When I found out I was pregnant with my last baby, I was almost 36 years old. I had five living children, had experienced a full term stillbirth and a miscarriage with a D&C where I lost a huge amount of blood and nearly my life. So naturally, I was terrified to tell anyone; especially the people close to me. I thought that they would not be happy or supportive about the pregnancy. In fact, I thought they would think we were crazy and just plain stupid. I even thought they would be mad at me for endangering my life.
I mean, who gets pregnant again after all that?
If you’re here reading this, you’ve probably experienced lots of comments about your family planning and building as well. Whether you chose to have babies later, have struggled with infertility, or had your other children a while ago and then got a little surprise, I can guarantee that you could give me some amazing quotes from family, friends, and strangers.
So what do we do about this? What do we do when the words coming out of the mouths of others seem hurtful, disrespectful and inappropriate?
In some cases, it’s easy to shrug it off, but when it hits a little closer to home, those words can really sting, and even permanently affect relationships. So I’m going to give you three tips to deal with these types of comments.
First, recognize that what other people say is about them, not you.
We all have beliefs about how life should go, and the people around you may have opinions about yours. That’s ok. But it doesn’t really say anything about you–it just shows you what’s going on in their head. Even if it’s your MIL asking about when she’s going to get her grandkids. She likely thinks you’d be happier and she’d be happier if you have a baby. It’s ok to let her think that and even say it out loud…as many times as she wants to. It’s so much easier not to react to those words when you practice believing that it’s 100% about her or them.
Second, let the humans be human.
Look, we all know we’ve said things we wish we hadn’t or that we didn’t realize would be painful for someone else to hear. So when that lady in the grocery store comments on the size of your belly, remember this: we can’t control what other people say, and when we try to (especially with the people close to us) it never works. So we’re often left feeling terrible. But guess what? They don’t have to change in order for you to feel better. You just have to practice believing that they are doing their best, and sometimes their best is terrible! But that’s ok.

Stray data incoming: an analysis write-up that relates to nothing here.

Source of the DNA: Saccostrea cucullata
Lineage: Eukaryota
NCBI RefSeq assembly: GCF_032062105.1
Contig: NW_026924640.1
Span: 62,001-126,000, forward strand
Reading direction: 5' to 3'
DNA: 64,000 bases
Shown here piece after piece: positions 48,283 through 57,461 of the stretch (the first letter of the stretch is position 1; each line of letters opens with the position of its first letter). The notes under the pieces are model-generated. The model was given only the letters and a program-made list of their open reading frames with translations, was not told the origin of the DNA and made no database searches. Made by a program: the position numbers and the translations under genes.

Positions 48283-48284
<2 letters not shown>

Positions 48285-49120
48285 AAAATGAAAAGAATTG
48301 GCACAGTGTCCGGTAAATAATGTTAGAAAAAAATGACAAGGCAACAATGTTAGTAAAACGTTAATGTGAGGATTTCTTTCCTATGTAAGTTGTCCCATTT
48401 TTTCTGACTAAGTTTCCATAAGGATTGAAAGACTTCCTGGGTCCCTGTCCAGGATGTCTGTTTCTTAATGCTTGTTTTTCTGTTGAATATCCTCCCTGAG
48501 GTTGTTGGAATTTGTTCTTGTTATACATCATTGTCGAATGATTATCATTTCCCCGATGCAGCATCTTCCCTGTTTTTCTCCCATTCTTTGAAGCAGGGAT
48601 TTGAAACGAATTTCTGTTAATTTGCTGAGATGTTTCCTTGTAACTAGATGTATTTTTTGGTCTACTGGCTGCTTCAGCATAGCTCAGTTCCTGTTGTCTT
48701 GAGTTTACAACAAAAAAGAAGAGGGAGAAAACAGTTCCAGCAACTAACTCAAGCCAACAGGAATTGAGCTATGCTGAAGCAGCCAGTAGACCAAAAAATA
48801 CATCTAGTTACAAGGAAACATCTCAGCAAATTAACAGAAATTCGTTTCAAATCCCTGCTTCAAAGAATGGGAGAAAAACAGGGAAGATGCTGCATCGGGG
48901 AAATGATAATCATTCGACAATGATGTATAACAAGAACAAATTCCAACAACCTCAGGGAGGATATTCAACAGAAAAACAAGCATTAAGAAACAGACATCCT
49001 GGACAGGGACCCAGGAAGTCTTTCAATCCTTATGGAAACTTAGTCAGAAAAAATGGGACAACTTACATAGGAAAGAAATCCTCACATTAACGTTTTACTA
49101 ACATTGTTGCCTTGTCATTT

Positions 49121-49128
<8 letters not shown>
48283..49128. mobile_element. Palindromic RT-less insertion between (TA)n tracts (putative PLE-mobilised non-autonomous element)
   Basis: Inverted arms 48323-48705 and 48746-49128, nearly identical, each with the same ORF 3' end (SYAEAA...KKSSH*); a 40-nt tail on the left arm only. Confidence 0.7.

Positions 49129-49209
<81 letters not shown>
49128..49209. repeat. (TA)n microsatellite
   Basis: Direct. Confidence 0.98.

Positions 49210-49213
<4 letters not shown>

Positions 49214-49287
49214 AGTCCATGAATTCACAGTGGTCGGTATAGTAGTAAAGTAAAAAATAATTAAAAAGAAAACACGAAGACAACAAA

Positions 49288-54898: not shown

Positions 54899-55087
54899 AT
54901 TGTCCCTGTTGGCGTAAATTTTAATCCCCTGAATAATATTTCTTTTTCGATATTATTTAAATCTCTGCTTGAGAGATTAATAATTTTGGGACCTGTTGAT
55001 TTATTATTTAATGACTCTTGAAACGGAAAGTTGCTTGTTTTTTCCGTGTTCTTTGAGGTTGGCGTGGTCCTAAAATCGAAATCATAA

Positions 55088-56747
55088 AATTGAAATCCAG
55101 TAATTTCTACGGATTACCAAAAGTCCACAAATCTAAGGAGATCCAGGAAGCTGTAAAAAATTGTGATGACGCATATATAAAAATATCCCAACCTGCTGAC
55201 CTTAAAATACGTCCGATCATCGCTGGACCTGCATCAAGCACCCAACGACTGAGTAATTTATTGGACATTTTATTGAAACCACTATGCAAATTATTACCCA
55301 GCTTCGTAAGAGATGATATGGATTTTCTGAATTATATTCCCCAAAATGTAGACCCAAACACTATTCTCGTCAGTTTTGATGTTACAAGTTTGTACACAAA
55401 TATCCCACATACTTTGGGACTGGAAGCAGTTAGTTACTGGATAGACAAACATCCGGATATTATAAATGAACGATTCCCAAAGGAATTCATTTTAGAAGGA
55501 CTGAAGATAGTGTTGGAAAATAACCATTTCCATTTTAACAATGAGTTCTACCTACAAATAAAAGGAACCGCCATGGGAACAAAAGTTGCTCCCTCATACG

And third, get confident
Whatever your journey to a baby after 35 looks like, you have the life experiences to really lean into confidence now. But you have to be intentional when it comes to people’s opinions. Many times we get an idea that “everyone” is thinking something about us. But most often it is just a few people whose opinions we really care about–not everyone at school or the playground. Take a minute and write a list of the top 3 people in your life that you think might be saying things about you or feeling a certain way. Then ask yourself if you want how they feel or what they think affect you. Being confident means you recognize what’s really going on for you. And all too often, the comments that really hurt us are the ones that expose something we already believe about ourselves.
If Aunt Alice said she really thought you should paint your bedroom purple instead of grey, you probably wouldn’t have much of an emotional reaction because you’d be confident that she was wrong about your color choices. But when she says you are a little old to be dealing with diapers, and you kind of agree with her, it stings. A LOT! When people’s words touch some of our own fears about ourselves, whether we recognize them or not, that’s when we have a problem.
But the solution is easier than you think.
Did you know you can just decide that your life has gone perfectly up until now? And that this is the exact right time to be growing your family? Well, you can! And once you decide to truly believe that, you are going to create confidence. When you use confidence to drive your decisions and your interactions, you will come from a much better place.
And me? I was wrong about my family. They were so excited about the new baby, and even if they hadn’t been, I was confident in our decision to bring one more little one into our home.
So the next time someone says something to you about your family, remember:
It’s not about you, it’s 100% about them.
You can let the humans be human.
And you can create your own confidence.
Because you’ve got better things to do with your time and energy than worry about what other people think!